There is still an opportunity to contribute to the forthcoming East Lothian Local Development Plan and help define what is meant by ‘appropriate rural development’. Arguably, the planning system tends to be urban-centric – perhaps not surprising given that is where more people live and more development happens. But the challenges of development in the countryside tend not to be given sufficient attention or debate, so there should be more of a debate about the future shape of our East Lothian countryside.
This debate shouldn’t simply be about what society wants the countryside to look like – whether there are wind turbines on the horizon, for example. The debate should also be about the future of our rural communities. Do we want more jobs in our villages? More commuters? More businesses? More facilities? The answers to these questions should inform the forthcoming East Lothian Local Development Plan.
“Farmers, landowners and rural business owners need to come forward and ensure that they contribute to the East Lothian Local Development Plan while there is still an opportunity. The ‘Rural Voice’ needs to be heard,” says Francis Ogilvy, chartered surveyor and owner of Chalmers & Co, land agents and architects.
‘Farmers and landowners are not engaging enough in the planning system so do not have a leg to stand on when it goes against them.’ This was one conclusion that could be drawn from the Chalmers & Co Question Time debate held earlier in the summer as 90% of those attending (farmers, landowners and their advisors) confessed to not having ever read the Main Issues Report or East Lothian Local Plan.
“Is it time to face the music about the state of our national and local economy and adapt planning policies to stimulate growth?” asks Francis Ogilvy. “They have arguably sought to do this at Westminster but evidence in downtown Haddington is less apparent. What would you like to see happen here or would the very thought of short term gain conjure a fear of long term regret such that the two are not to be reconciled?”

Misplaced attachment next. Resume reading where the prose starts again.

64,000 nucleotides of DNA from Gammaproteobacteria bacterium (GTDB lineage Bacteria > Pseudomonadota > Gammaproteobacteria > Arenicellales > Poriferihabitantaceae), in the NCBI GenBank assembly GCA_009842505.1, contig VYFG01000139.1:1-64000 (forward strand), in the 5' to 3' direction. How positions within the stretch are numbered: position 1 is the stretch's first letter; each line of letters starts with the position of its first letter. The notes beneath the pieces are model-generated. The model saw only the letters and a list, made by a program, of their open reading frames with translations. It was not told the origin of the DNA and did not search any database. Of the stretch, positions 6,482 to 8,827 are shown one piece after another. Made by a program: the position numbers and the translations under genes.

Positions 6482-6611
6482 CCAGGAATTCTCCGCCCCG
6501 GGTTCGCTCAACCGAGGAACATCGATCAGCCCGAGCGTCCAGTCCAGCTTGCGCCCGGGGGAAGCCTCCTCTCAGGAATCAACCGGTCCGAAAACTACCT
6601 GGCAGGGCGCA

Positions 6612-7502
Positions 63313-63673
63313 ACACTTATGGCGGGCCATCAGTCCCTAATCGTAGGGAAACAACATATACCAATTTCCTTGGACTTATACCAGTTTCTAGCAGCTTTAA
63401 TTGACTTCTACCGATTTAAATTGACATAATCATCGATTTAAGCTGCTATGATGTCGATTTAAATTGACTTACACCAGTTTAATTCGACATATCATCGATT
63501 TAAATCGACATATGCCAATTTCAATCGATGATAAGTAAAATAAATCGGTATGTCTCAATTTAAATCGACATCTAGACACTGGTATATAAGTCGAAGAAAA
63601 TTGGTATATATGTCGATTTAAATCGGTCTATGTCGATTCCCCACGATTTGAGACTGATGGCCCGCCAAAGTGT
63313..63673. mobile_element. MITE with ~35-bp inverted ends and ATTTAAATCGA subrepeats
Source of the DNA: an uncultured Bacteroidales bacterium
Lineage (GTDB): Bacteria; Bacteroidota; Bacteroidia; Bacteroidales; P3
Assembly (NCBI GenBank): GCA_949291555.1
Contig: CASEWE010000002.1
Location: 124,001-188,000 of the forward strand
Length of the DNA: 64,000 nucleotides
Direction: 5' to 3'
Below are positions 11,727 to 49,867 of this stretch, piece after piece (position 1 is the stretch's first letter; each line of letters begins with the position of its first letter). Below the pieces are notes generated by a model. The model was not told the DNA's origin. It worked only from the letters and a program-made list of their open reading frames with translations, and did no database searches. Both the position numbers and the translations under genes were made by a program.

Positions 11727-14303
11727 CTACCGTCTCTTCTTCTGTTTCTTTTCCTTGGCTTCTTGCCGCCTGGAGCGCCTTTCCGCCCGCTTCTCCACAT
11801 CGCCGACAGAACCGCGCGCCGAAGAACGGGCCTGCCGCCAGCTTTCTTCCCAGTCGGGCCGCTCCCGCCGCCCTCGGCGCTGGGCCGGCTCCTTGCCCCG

“What is meant by ‘Appropriate Rural Development’? This is one of the key questions to ask in relation to proposals for change in the countryside. All of us who work in the countryside should have a better understanding of what is meant by ‘appropriate development’.
For example: are rural business parks ‘appropriate development’ if they provide rural jobs and sustain local communities, even if they are built on green fields? Is mineral extraction ‘appropriate development’ if it means that construction materials for nearby towns and cities can be sourced locally?
“Phrases like 100% Renewable Scotland’, whatever this means, are increasingly used in conference speeches and the countryside should take a worthwhile lead in bringing this vision to life. There is much that the rural economy can offer and more that we can do to influence it, so let’s have that debate!
“‘BANANA’ reactions (Build Absolutely Nothing Anywhere Near Anything (or Anyone) are a natural consequence of extreme development proposals; perhaps they should be turned down. However, if we are to create a diverse rural economy that can contribute and compete with urban counterparts, we need to encourage investment in the countryside. If we want a ‘Mars Bar countryside’ – where people can ‘work, rest and play’ – we need to engage in the debate to make it happen.”
Anyone who would like to feed into the debate to promote a greater understanding of what is meant by ‘appropriate rural development’ is encouraged to get in touch with Francis Ogilvy at Chalmers & Co or to visit and contribute to the blog on Chalmers & Co’s website www.chalmers-surveyors.com (01620 824000 or firstname.lastname@example.org). This will culminate in a workshop with interested parties and a proposal which will be submitted to the local planning officials who have indicated a willingness to incorporate such a Rural Voice in formulation of future planning policy.
For reference – the 10 point summary of the Chalmers & Co Question Time was:
1. The farming sector needs to do things differently: innovate with ’sustainable intensification’ and ’smart specialisation’.
2. Planners too need greater innovation for rural areas and should encourage small businesses.
3. Rural communities need cohesion and leadership to be viable centres and for community engagement to work.
4. Delivery of renewable energy from the countryside is welcomed and to be encouraged, but only when considered as part of a mix.
5. Urban businesses, including manufacturing should be incentivized and educate to relocate to the countryside.
6. Access to superfast broadband is critical for the viability of the countryside and should be a priority of government and community groups.
7. The Main Issues Report is an opportunity to request that the Local Development Plan does more for rural enterprise and encourage organic growth round existing settlements.
8. The agriculture of tomorrow will be knowledge-based, making more food from less land. There therefore needs to be a sensible discussion on genetic modification.
9. We should celebrate what our countryside offers – embrace what is good and positively sell its benefits to investors and visitors for mutual benefit.
10. The Local Development Plan must recognise and provide for non-land use issues contained in the government’s Land Use Strategy: renewable energy production, food production, supply chains and innovation.